Voters will decide today whether to approve a $1.4-million tax levy for the Westminster School District, a proposal which officials say is critical to maintaining quality education for the district’s 7,500 students.
At stake, according to district officials, school board members and the teachers’ association, which has endorsed Measure A, is whether the district can withstand further budget cuts without undermining student opportunities for a decent education.
“We’re at rock bottom now and our board of trustees reached the conclusion that there’s no where else to cut. We have to go to the voters to find additional income,” Supt. Barney Davis said.
$100 Per Property Owner
The measure would cost a maximum of $100 per property owner, and $200 for each business. If passed, Measure A would be terminated in 10 years, with the board keeping the power to continue to impose the maximum assessments based on the district’s financial need.
Since the passage of Proposition 13, which was an outgrowth of a taxpayers’ rebellion in 1978, the district was unfairly locked into a very low property-valuation formula for state revenue, Davis said.
As a result, the district receives $2,558 per student in state aid, based on Average Daily Attendance (ADA). The rate is one of the lowest among Orange County elementary school districts, Davis pointed out. By comparison, that ADA figure is about $286 less per student than the county’s top-ranked Cypress School District receives.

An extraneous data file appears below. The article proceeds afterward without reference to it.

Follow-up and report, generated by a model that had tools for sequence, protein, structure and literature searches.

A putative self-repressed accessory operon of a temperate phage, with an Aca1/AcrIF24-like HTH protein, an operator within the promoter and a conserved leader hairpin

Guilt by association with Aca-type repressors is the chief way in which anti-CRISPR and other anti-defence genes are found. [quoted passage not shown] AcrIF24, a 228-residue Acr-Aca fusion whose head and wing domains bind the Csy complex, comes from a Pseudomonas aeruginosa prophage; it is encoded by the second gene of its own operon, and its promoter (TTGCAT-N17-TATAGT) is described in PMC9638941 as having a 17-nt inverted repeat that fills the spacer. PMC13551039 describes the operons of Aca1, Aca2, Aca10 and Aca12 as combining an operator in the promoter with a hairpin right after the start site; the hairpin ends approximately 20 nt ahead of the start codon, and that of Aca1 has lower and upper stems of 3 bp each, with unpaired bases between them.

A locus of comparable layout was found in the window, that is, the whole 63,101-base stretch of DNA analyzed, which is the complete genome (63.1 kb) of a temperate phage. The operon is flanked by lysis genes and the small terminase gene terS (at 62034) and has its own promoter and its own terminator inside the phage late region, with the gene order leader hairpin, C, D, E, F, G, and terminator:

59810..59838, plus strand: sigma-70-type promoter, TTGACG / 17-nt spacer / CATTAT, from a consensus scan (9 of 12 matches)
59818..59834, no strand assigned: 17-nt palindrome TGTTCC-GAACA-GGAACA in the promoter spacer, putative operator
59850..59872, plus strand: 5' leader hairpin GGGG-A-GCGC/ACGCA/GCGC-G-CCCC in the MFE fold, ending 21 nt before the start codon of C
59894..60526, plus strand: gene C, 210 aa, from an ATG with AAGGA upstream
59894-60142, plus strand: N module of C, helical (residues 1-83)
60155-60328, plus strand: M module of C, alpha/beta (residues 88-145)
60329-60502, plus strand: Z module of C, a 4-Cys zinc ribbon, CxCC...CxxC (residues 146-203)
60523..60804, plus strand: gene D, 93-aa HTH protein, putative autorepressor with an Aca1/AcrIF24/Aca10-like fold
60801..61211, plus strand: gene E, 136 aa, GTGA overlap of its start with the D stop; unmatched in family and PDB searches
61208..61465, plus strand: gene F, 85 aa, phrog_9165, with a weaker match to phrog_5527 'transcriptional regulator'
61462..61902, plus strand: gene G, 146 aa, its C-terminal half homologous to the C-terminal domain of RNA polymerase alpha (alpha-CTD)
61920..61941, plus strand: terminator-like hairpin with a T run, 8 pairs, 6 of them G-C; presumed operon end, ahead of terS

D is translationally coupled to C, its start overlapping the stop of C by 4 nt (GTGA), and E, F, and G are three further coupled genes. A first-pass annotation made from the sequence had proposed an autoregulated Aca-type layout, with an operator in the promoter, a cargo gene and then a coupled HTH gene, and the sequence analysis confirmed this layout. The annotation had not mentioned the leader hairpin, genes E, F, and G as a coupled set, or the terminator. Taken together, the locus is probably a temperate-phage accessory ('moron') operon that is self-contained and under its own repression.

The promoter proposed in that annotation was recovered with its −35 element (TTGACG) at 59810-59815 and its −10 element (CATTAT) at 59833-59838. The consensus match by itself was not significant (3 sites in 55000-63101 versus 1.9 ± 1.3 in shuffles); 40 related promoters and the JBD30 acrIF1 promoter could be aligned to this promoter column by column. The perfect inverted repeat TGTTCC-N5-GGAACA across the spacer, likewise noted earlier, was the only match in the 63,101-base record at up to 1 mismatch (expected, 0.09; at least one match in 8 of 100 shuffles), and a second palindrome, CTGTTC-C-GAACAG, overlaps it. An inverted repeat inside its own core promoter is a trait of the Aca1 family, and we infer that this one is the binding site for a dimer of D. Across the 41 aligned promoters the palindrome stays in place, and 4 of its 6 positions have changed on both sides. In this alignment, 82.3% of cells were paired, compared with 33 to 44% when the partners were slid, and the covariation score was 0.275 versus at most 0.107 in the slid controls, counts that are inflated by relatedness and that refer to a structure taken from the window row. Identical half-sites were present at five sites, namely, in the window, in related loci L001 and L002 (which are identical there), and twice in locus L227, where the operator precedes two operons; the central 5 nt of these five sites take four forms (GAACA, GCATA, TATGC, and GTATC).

Although the district has a $25-million budget, about $20 million constitute dedicated funds that are restricted and cannot be touched, Trustee Albert Ingallinera said.
“As a board, we looked at every one of our programs and it came down to finding new ways of bringing revenues into our district. Our options? We thought about closing schools but decided against it in favor of trying to get voters to support a tax levy,” Ingallinera explained.
Last year, the district imposed staff reductions affecting bus drivers, secretaries, custodians and school counselors, in addition to eliminating a popular music and reading program during a $900,000 cost-cutting plan.
School roofs leak, heaters need replacing and some school furniture is 30 years old and desperately needs replacing, Davis said.
“We’ve kept going in the wrong direction with all these budget cuts and we can’t continue to go backwards. I would say this (election) would be a genuine test of the value of education in this community.”
“Let me put it another way. Have you heard the expression, ‘Praying for rain?’ Well, that’s what we’re going to be doing. Praying for rain. Praying for some hope,” Davis said.
The tax levy has already won the endorsement of the Westminster Teachers Assn., Karen Russell, an association spokeswoman, said.
“This district is relatively poor and there are a lot of different things that need to be done,” she added.
Buildings are old and need repair, Russell said, noting that the use of some school furniture has become an embarrassment.
“I have the same old wooden desk that the district bought in 1961. The shelves don’t work anymore,” she said.
But more crucial than old equipment, she said, is the fear of a downhill slide of educational quality in the district.
“I am a science teacher and I teach 180 students during the day at one of our middle schools. But I get $300 to spend on teaching aides. That’s less than $2 for each kid and I teach science. The available money really hasn’t kept pace with what’s needed,” Russell declared.
Some property owners have opposed the district’s attempt to enlist the vote of senior citizens for Measure A, which exempts those property owners over 65 years of age from paying the levy.